ExxonMobil would like a carbon tax. Barack Obama would not.
Here is the state of politics surrounding action on climate change.
Exxon Mobil Corp. is part of a growing coalition backing a carbon tax as an alternative to costly regulation, giving newfound prominence to an idea once anathema in Washington. …
“Combined with further advances in energy efficiency and new technologies spurred by market innovation, a well-designed carbon tax could play a significant role in addressing the challenge of rising emissions,” Kimberly Brasington, a spokeswoman for the company, said in an e-mail. “A carbon tax should be made revenue neutral via tax offsets in other areas,” she added.
Exxon’s political action committee gave nearly $1.2 million to political candidates in the past two years, 93 percent of it to Republicans, according to the Center for Responsive Politics.
So that’s the view of ExxonMobil, a company that makes money indirectly generating carbon dioxide pollution. And now, that of the president of the United States, a member of the Democratic Party.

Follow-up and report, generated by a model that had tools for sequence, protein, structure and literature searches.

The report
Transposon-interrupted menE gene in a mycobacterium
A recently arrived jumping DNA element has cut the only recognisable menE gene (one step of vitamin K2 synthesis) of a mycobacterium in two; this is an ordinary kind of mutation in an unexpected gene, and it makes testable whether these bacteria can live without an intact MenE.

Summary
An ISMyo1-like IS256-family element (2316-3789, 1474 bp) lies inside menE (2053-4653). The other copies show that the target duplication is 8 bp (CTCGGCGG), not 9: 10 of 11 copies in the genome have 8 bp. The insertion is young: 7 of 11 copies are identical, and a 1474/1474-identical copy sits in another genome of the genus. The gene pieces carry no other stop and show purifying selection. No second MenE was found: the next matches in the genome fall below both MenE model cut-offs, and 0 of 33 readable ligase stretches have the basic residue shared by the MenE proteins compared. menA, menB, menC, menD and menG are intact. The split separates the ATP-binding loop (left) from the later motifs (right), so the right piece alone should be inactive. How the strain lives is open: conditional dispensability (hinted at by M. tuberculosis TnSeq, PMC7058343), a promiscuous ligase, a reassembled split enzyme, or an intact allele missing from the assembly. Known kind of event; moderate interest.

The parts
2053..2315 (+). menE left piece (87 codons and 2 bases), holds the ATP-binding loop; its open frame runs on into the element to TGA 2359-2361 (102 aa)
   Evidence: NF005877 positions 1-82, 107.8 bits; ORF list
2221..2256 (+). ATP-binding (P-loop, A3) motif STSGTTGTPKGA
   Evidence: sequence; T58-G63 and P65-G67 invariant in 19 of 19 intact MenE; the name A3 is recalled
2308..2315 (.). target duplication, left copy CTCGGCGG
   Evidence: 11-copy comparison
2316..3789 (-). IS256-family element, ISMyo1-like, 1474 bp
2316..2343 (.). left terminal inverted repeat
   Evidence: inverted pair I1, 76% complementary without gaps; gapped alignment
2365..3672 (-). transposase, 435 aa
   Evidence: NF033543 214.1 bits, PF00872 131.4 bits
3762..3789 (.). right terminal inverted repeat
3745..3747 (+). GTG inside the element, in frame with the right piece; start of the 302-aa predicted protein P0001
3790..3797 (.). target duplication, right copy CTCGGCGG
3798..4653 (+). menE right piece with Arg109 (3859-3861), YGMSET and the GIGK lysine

The White House pool report quotes press secretary Jay Carney:
Q: I’m just speaking of the aftermath yesterday — he seemed to almost go out of his way to dismiss the idea of a carbon tax, kind of rule it out. Why did he — why was he so —
MR. CARNEY: We would never propose a carbon tax, and have no intention of proposing one.
For those of you inclined to give President Obama the benefit of the doubt after his press conference yesterday — go ahead and doubt.
If it’s any consolation, a carbon tax was never going to happen anyway. (It’s no consolation.)